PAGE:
Prompt: She started taking up a lot of bad habits
Parts 1 and 3: Eden
Parts 2 and 4: Bill


Mistakes, Lies, and Hypocrites

She started taking up a lot of bad habits after her husband died. With no more sense of duty or commitment, Laura got up late, ate whatever she wanted, whenever she wanted, and only showered when she could no longer stand her own stench. She hardly left the house, and their friends, most of whom had stuck by her because they loved her husband, now knew better than to show up uninvited. Ron was the one with the open-door policy when he was alive, not her.

His wheelchair sat in the corner of the living room where he’d spent his last days and nights, quietly watching television or listening to music. He went from someone who could not sit still to someone who sat still all the time.

Ron had suggested they stay the night with the Jordans after the party, but she wanted to go home and sleep in her own bed. Being the more sober of the two, she drove.

If only she had seen the flashing hazard lights sooner, she would have avoided plowing into the semi-truck parked on the shoulder of the highway, causing the accident that paralyzed and would eventually kill her husband.


It was Jill who first remarked on her transition to ‘the new Laura’. Jill the soft-spoken Christian, Jill the “I’m only saying it for your own good, dear”, Jill whose husband had left her six months into their marriage, but not until he’d slept with every other woman on the street except Deirdre.

“I know how hard it is, darling, but you must try to forgive yourself,” she’d said, “The Lord giveth and The Lord taketh away”.

I wish hed bloody take you away, thought Laura, wanting to throw the chamomile tea Jill had asked for in her face and get back to the bottle of Sauvignon she’d started at breakfast.

“Guilt’s such a self-destructive thing. Eats into your soul,” Jill continued, her smile at odds with the sanctimonious narrowing of her eyes. “It won’t let the old Laura I knew free to be who she really is.” She ended with a sigh of false sorrow.

Bugger the old Laura, Laura thought. Kow-towing to stupid old farts like you, shoving that bloody wheelchair about the place, pretending to laugh at Rons crap jokes or give a shit about whether parsley roots a substitute for celeriac. I prefer the new me.


Laura picked up the phone and dialled a number. It went to voicemail after three rings. She hung up, pressed the redial button—voicemail again. She hit redial continuously for another ten minutes until a woman’s voice answered.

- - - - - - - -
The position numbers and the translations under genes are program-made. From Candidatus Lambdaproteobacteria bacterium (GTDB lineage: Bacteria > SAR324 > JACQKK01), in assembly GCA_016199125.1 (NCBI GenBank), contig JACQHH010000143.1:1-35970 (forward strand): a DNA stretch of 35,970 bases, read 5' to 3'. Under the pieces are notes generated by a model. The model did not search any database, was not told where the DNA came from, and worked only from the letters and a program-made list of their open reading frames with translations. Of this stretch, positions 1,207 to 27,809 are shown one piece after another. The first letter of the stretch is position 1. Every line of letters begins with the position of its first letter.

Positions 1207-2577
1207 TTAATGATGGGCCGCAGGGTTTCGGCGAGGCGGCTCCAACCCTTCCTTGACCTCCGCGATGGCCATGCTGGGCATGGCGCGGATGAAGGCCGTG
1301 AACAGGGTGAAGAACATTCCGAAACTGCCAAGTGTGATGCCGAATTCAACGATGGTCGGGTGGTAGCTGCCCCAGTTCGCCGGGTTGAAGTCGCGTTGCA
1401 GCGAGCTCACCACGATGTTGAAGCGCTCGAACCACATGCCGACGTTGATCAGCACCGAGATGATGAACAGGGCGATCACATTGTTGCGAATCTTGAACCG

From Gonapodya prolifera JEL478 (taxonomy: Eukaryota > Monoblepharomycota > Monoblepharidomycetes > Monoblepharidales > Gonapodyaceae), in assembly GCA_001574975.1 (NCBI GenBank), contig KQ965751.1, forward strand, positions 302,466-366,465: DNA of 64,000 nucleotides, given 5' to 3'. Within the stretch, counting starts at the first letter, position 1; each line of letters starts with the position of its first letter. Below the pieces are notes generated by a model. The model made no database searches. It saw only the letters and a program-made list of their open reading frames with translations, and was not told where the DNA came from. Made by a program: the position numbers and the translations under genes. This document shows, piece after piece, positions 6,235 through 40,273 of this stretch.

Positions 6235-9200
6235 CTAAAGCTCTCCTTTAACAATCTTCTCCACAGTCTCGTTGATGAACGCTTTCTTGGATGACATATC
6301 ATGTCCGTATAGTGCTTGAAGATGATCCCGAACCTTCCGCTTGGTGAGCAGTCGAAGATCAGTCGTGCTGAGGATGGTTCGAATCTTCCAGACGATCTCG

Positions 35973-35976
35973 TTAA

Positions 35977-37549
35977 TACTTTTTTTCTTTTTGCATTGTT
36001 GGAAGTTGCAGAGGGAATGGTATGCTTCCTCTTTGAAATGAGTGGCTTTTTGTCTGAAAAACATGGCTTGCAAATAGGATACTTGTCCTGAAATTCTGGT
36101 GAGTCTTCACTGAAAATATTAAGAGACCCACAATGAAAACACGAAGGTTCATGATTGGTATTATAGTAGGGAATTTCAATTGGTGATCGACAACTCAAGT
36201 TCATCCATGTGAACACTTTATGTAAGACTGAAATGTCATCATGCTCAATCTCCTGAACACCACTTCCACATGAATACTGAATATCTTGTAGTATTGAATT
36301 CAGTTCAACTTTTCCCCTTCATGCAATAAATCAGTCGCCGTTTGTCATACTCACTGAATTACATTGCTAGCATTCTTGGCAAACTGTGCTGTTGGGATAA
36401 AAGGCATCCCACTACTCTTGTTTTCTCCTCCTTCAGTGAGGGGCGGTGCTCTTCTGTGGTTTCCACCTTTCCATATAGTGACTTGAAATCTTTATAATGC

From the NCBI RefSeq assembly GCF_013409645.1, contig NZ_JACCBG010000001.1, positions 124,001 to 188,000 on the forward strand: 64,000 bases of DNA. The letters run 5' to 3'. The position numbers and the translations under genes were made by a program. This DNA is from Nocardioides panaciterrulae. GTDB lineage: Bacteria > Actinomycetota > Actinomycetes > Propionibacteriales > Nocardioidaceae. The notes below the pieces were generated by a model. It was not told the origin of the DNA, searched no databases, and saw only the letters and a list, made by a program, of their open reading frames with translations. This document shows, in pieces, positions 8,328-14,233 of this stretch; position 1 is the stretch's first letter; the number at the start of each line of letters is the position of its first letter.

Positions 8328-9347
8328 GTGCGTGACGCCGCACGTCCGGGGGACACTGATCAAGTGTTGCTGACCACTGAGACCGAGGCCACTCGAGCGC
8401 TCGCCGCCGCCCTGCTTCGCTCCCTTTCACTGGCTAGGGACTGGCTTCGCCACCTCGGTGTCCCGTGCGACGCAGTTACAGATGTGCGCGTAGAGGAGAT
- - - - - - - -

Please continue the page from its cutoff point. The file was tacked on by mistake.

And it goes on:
“Hi Penny.”



A pause lasted longer than was comfortable. Laura waited until Penny finally said, “It’s been a while. How are you?”

“Keeping to myself, you know … since Ron died.”

“I understand.” The meek voice on the other end betrayed nothing.

Laura had imagined this conversation numerous times, but she couldn’t have prepared for it. “What exactly do you understand?” she finally said.

“Ron was a good man.”

Laura bit down hard on her lip before speaking. “Cut the bullshit, I know about you and Ron, Penny.” A pause again, only this time she wasn’t waiting for a response. “You were having an affair before the accident. Ron said you were even planning to run away together, only … you can’t run away with a cripple, can you?”

“Laura, don’t be crude, please let me explain—”

“No! You listen to me. I took care of him because I put him in that wheelchair. But you … my big sister, how could you?”


“Laura. Please. I know you’re under stress…”

“You know bugger-all, Penny. You’re like the rest of them. Sick!”

She let the silence hang between them, intrigued to know how Penny would wriggle out of this one, but not really caring.

It wasn’t just about Penny and Ron anyway. Laura was sick of all the sympathy and forgiveness on offer, didn’t want it, loathed the falsity it masked. The Jordans cancelling any parties in the immediate future out of respect for Ron, and Jill’s God-given clichés being parroted by all her other consoling visitors. Christ, she’d even received a “condolences” email with kittens on it from bloody Deirdre. The truth was that the Ron whose niceness they were all celebrating had been a bastard. Like Laura, he’d despised the mendacity and corrosion beneath the various facades of their close little community, but concealed his contempt under an easily manufactured charm.

The dragging silence calmed Laura. “You know what?” she said at last, her voice drained of anger. “I’m sick of all this fucking hypocrisy.”

She gave a sharp, bitter laugh, then went on “You were fucking my husband but I’m the bad guy … Really? OK, what the hell. Deal with it.”


We’d love to hear your reactions to the stories.




By way of variation, Eden Baylee and I, who have been co-writing stories for our blogs since January this year (and before that on R.B. Wood’s Word Count Podcast), decided to intersperse the collaborations with solo efforts. We thought it would be interesting to apply the same basic principles (outlined in our introduction  to the series  here ) but rather than be alternate narrators, to write separate, individual stories based on the same prompt. This is mine.